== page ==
The players were informed the USGA had spoken with Johnson, but didn’t know if the penalty would be given or not. What had been an exciting finale turned into a horribly confusing passage of play when nobody knew their position. The championship was roaring toward a thrilling conclusion, but had been whacked hard in the lungs, sucking all the air out of it. Even watching on TV, it was apparent the galleries became muted. In the Fox booth, Paul Azinger, Brad Faxon and Joe Buck dealt with the situation as best they could, keeping viewers informed and not holding back in criticizing the organization with whom their bosses had signed a 12-year, $1.2 billion deal in August 2013.

Of course, the one-shot penalty which the USGA finally decided to inflict on Johnson didn’t matter because the South Carolinian played so well down the stretch he was far enough in front for it not to matter.

The USGA took a few shots, most notably from Fox and the Golf Channel’s Brandel Chamblee, but really the USGA had dodged a bullet. Actually, they had dodged the ten thousand bullets, spears and arrows the media would not have been slow to fire had things ended differently.

The possible scenarios that might have resulted had Johnson and close pursuers Shane Lowry and Scott Piercy ended tied do not bear considering. Just imagine though if Johnson had lost another major because of a less-than-clear-cut rules incident like he had at the 2010 PGA Championship at Whistling Straits.

If you’re in a charitable mood, you might give credit to the USGA for being so fastidious and eager to apply its own rules in this situation. You might applaud its dedication to ensuring all players play by the same rules and protecting the rest of the field. But, and it is a considerable "but", would it not have been more sensible to apply its own rule – 34-2 – and be content to let Newell’s decision stand?

During that hastily arranged committee meeting, or while heading to the 12th tee to confront Johnson, might it not have been prudent for Hall or Pagel to say, “Look, Newell has already given his ruling; Johnson insists he didn’t cause the ball to move; his playing partner agreed with him; it’s unlikely any of the contenders are going to see the recording later, disagree with the decision, and kick up a fuss; we’re desperately trying to attract more people to the game and portray golf as a fun, healthy, and exciting activity and this would likely put that plan back 100 years; and perhaps most importantly, we can’t categorically prove Johnson caused the ball to move. Perhaps it would be best for the tournament, and indeed the future of the game, if we just put a lid on it.”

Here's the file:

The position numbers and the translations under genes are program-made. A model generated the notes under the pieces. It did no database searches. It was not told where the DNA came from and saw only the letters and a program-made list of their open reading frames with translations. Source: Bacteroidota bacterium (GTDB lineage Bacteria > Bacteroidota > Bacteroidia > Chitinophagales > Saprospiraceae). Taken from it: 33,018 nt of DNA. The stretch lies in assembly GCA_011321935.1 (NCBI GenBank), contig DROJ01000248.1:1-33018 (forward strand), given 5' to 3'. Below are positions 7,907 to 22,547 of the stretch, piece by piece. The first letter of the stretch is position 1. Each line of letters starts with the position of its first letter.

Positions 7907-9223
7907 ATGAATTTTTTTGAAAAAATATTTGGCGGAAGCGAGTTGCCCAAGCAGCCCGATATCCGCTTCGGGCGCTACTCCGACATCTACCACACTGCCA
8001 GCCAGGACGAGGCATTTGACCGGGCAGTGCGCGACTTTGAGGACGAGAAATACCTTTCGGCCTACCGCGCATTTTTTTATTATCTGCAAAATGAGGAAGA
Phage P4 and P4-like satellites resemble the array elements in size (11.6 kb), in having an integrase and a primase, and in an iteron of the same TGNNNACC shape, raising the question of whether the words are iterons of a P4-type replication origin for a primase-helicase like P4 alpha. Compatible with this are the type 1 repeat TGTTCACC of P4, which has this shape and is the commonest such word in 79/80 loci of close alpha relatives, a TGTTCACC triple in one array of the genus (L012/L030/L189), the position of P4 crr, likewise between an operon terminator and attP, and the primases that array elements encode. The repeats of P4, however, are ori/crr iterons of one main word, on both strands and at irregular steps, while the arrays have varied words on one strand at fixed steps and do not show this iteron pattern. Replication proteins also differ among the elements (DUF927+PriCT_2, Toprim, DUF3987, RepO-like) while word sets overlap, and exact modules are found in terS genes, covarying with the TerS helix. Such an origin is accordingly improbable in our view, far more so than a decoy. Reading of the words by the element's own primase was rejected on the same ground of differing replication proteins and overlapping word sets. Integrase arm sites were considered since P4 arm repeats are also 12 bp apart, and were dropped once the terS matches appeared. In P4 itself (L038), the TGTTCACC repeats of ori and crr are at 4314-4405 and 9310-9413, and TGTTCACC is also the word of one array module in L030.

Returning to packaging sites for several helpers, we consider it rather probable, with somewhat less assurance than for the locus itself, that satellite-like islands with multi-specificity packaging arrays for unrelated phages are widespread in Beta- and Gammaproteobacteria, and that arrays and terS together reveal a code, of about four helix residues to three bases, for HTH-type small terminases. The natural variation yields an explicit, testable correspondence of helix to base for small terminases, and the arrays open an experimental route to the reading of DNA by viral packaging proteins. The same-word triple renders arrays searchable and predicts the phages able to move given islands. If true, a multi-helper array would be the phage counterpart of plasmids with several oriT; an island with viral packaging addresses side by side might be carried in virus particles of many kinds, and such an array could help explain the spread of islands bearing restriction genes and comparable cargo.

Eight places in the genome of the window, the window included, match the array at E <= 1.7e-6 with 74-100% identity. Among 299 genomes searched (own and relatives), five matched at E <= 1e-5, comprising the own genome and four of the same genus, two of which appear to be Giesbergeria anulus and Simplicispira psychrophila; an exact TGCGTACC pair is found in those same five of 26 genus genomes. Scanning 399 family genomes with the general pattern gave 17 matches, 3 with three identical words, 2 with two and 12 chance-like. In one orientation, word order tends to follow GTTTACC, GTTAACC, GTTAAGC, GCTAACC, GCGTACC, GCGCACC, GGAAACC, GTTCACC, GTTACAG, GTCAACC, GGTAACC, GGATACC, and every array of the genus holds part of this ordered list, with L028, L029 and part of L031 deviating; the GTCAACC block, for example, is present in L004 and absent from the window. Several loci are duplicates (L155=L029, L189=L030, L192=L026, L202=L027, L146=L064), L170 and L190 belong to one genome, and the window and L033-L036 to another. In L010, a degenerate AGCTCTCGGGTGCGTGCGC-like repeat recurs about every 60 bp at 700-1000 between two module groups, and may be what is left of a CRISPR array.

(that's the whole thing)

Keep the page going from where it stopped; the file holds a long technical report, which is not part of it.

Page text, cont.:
But Johnson’s magnificent final round wasn’t the only thing that let the USGA off the hook. Nearly 3 inches of rain on Wednesday night, Thursday and Thursday night made Oakmont, billed as the toughest U.S. Open venue ever, considerably softer than what the USGA had planned. It effectively made the narrow fairways a little wider, and the hardwood greens a little softer and, thus, easier to hold. When Henry Fownes created Oakmont in 1903, he built sloping, contoured, tantalizing greens that contributed to the immense challenge. They were tough certainly, but manageable given the relatively slow green speeds of the day.

With modern greenkeeping techniques combined with superintendent John Zimmer’s skill able to produce surfaces that measure 14.5-15ft on Edward Stimpson’s 1936 invention of a green-speed-measuring device, the Stimpmeter, the slopes are magnified. Good approach shots that miss their mark by a foot or two, and catch even a minor decline, often ease their way 40 feet or more from the hole. The magnificent Oakmont, therefore, fails to reward good shots - a measure of a great course. Players end up in positions that do not reflect the quality of their shot. When that happens once or twice, you hold your hands up, shout “Aaarrgghh GOLF!,” grit your teeth and move on. When it happens more often than not, it gets silly.

One hopes the organization’s rather dubious string of moves before, during and after this year’s U.S. Open Championship will be forgotten in time, and that the enduring memory will be Dustin Johnson’s crowning birdie at the 72nd hole which put the stamp on a really brilliant display of golf.

About the author


Tony Dear

A former golf correspondent for the New York Sun, and a senior editor on Today's Golfer magazine in the UK, Dear works for a number of titles on both sides of the Pond, and has written five books on the game, the last two of which he thinks are actually pretty good. He is the golf coach of the Bellingham HS boy's team in Bellingham, Wash., and is looking forward to another cold, rainy, spring season.